The consequence of a demotion order is a loss of security of tenure. The tenancy is subsequently subject to mandatory possession. This provision only requires that the landlord must comply with the proper procedure, service of notice etc, for the court to be required to order possession on a mandatory basis. However, the court will only give such an order where it is reasonable to do so

A demoted tenancy reverts to a secure tenancy where the landlord does not apply for possession within one year.

Anti-Social Behaviour conduct

It is a conduct which is capable of causing nuisance or annoyance to any person and which directly… or indirectly relates to or affects the housing management functions of a relevant landlord.

Possession

Landlord’s action for possession. 

Notice Seeking Possession

  • A landlord can only commence proceedings for possession following a service of a competent notice seeking possession although the court has the discretion to dispense with notice where it is just and equitable to do so
  • The notice must be in a prescribed form
  • The notice should specify and give details of the ground or grounds on which possession is sought as well as either the date after which proceedings could commence or on which the tenant is required to give up possession of the property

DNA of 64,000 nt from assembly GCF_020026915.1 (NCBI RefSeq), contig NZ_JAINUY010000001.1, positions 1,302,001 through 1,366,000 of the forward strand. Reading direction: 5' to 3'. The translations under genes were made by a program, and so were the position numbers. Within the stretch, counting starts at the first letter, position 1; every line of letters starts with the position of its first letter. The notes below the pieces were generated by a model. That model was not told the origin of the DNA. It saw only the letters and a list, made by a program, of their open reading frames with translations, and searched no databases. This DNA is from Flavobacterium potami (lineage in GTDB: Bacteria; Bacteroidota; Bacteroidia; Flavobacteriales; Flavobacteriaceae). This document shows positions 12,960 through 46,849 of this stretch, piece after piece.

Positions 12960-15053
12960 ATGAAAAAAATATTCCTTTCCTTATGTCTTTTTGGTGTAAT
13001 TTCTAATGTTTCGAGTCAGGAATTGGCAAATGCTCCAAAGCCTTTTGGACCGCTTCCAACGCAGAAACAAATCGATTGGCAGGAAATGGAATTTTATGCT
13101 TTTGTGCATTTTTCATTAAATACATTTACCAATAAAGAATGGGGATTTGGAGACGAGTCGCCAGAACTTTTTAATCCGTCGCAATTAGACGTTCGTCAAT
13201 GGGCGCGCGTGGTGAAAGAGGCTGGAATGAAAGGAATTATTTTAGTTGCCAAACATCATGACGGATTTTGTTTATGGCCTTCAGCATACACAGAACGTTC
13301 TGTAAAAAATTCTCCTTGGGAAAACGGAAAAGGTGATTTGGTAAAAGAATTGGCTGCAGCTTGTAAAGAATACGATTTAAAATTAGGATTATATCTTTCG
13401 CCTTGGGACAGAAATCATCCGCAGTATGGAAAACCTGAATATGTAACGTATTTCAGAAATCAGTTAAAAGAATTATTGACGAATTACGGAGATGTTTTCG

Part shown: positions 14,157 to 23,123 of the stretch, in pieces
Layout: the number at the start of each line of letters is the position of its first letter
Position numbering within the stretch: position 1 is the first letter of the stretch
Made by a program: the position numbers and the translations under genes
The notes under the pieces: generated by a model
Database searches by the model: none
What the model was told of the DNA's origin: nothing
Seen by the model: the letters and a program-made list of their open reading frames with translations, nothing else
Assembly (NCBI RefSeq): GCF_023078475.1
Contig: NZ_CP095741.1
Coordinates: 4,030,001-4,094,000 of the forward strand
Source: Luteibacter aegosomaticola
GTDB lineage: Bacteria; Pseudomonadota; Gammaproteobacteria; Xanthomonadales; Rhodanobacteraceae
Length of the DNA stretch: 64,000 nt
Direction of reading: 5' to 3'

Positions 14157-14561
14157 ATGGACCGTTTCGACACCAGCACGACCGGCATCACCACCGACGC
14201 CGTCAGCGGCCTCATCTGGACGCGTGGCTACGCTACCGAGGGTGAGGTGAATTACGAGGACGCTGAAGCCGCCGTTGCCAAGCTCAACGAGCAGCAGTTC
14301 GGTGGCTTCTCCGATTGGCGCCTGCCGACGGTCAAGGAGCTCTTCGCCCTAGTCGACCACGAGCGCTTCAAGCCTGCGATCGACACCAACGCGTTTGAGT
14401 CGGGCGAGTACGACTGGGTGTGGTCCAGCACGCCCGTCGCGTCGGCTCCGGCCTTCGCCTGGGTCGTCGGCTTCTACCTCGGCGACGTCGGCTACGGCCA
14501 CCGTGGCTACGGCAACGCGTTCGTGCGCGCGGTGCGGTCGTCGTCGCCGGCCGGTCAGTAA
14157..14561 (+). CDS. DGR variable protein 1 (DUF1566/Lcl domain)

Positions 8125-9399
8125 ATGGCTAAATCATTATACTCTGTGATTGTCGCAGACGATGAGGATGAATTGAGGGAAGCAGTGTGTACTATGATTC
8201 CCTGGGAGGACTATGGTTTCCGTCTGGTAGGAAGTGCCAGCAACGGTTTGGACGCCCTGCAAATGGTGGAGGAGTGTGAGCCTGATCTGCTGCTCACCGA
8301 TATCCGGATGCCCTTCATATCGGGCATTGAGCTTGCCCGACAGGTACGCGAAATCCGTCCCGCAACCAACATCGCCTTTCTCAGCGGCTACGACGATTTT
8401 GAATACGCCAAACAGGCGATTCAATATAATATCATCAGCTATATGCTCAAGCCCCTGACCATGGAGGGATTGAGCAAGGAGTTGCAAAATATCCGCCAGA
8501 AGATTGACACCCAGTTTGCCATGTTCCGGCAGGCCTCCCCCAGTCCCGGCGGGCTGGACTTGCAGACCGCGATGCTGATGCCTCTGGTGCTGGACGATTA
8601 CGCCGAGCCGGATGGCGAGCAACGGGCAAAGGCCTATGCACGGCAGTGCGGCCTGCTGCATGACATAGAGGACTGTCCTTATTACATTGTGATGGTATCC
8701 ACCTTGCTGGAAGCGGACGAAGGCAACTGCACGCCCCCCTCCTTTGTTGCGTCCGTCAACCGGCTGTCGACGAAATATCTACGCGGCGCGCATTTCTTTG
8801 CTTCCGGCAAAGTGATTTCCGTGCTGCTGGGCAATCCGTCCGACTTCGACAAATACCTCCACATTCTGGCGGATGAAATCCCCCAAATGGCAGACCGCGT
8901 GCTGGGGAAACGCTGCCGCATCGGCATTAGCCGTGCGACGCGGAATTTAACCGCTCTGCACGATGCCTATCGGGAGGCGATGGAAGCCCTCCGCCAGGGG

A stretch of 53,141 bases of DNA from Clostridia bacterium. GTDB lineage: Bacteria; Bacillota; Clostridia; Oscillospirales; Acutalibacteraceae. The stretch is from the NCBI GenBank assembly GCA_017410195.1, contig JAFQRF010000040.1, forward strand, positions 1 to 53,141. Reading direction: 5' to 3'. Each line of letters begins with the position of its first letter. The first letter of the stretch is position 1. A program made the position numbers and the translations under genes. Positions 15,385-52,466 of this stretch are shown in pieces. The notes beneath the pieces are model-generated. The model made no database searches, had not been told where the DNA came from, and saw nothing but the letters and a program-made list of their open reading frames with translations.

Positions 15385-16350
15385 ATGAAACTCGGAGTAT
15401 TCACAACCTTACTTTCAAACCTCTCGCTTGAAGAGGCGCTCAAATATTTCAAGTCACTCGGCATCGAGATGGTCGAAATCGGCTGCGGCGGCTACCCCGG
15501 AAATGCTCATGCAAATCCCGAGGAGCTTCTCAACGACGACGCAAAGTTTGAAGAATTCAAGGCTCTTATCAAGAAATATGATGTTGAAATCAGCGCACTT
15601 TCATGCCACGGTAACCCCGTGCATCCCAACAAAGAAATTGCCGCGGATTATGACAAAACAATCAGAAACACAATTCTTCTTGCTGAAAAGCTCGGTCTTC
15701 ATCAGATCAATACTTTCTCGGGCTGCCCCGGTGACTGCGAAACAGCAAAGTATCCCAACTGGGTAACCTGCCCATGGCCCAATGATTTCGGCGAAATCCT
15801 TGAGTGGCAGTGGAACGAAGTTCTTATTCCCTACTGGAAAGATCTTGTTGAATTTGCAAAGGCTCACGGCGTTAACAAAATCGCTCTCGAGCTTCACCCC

• The date should not be before the tenancy could have been brought to an end by a notice to quit {e.g. where the tenancy is a weekly periodic tenancy commencing on Monday the NTQ would be required to end the tenancy at midnight on Sunday}
  • Minor errors in the Notice for Seeking Possession will not be fatal but it must state the grounds on which possession is sought in a manner that enables the tenant to make good any fault
  • Where the ground is domestic violence and one partner has left the property, the landlord must show that they have taken reasonable steps to serve notice on the tenant, who may not be traceable

Grounds for Possession

Secure tenancies offer the highest security of tenure to a tenant. A landlord can only seek for the possession where he/she can prove a ground or grounds for possession provided under Schedule 2 of Housing Act 1985. A court will only order possession where one of the grounds listed below is proved by a landlord.

Schedule 2 divides the grounds into 3 parts

Pt I. (The fault grounds)

These are grounds 1-8, 2A (Domestic Violence) and grounds 2AA and 2ZA added by the Anti-Social Behaviour, Crime and Policing Act 2014. In total, there are 11 grounds in this part. The court will only order possession on these grounds where it is reasonable to do so.

Pt. II. (Grounds 9, 10, 10A and 11)

The court will only order possession where there is suitable alternative accommodation available to the tenant. Ground 10A {redevelopment Schemes} was added by the Housing and Planning Act 1986. Pt. II now comprises 4 grounds in total.

Pt. III. (Grounds 12-16)